The best day to purchase airplane tickets

This is an archived article and the information in the article may be outdated. Please look at the time stamp on the story to see when it was last updated.

NEW YORK — If you’re looking to get the best price on airfare, start shopping nearly eight weeks before you plan to leave.

The best time to buy domestic airplane tickets in 2015 was 54 days in advance, according to a report from CheapAir.com that analyzed almost 3 million itineraries.

But be warned: it’s not an exact science.

Ticket prices fluctuate so often that it’s hard for fliers to snag the lowest fares, but if you book during the prime booking window, which is about 3 1/2 months to three weeks in advance, you’re likely to catch the best price.

“This isn’t a magic number that you can send a calendar reminder to yourself to book your flight,” CEO Jeff Klee said.

A traveler who scored airfare at the lowest price saved an average of $345 compared to buying at the peak, according to Klee.

Early bookers don’t necessarily get the savings worm, but they generally end up with the biggest selection of flights. Flights booked 6 1/2 to 11 months ahead of time cost an average of about $50 more than prices found during the prime booking time frame.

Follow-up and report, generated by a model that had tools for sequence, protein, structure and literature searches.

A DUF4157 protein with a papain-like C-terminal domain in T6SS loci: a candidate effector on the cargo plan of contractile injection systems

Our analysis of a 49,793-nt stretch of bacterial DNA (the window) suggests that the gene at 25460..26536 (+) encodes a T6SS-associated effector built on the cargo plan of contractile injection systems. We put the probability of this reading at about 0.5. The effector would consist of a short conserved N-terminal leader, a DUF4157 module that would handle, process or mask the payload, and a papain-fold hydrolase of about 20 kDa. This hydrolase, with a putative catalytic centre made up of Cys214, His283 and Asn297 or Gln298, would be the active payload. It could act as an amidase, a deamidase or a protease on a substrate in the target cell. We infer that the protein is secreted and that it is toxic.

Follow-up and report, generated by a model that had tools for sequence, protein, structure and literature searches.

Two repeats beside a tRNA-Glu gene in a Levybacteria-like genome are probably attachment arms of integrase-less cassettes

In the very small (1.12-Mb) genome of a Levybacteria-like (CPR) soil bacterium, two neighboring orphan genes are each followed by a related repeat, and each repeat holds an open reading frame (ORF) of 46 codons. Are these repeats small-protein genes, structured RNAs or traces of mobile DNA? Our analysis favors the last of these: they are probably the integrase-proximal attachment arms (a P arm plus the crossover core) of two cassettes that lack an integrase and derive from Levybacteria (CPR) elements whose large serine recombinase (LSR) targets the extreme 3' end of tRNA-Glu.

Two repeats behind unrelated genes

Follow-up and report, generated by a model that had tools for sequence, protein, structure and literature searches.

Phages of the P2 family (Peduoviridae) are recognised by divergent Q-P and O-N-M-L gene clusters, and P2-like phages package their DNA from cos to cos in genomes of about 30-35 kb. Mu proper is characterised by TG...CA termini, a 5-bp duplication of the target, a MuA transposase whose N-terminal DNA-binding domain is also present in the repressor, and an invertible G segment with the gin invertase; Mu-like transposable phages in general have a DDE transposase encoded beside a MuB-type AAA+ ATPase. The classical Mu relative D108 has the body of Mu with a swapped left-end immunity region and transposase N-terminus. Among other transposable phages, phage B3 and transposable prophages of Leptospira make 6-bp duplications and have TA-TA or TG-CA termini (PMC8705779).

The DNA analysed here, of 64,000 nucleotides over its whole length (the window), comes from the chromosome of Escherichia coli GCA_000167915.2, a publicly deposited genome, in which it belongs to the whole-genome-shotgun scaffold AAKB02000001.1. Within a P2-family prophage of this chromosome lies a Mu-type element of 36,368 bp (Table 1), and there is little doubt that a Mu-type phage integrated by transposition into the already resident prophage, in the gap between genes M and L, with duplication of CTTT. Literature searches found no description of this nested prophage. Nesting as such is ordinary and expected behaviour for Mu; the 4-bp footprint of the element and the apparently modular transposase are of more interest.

And procrastinators definitely pay a premium. Fliers booking a week to 13 days ahead should expect to fork over at least $75 more than the lowest-priced ticket.

The premium gets even higher for those booking seven days ahead of takeoff: Fliers will pay an average of nearly $200 more than if they bought during the prime booking window.

But there is some good news for fliers who like to book at the last minute. The penalties for last-minute bookers weren’t as bad last year as they’ve been in the past.

“That doesn’t mean you are getting a great deal you couldn’t have gotten earlier, it just means you aren’t getting killed,” Klee said.

All the rules go out the window when it comes to traveling during major holidays. When booking flights for Thanksgiving and Christmas, earlier is always better. The same goes with popular destinations during spring break and summer.

“The single biggest factor that determines the prices for a flight is how full it is,” Klee said.

The fuller the flight, the more expensive remaining seats will be.

AlertMe
Notice: you are using an outdated browser. Microsoft does not recommend using IE as your default browser. Some features on this website, like video and images, might not work properly. For the best experience, please upgrade your browser.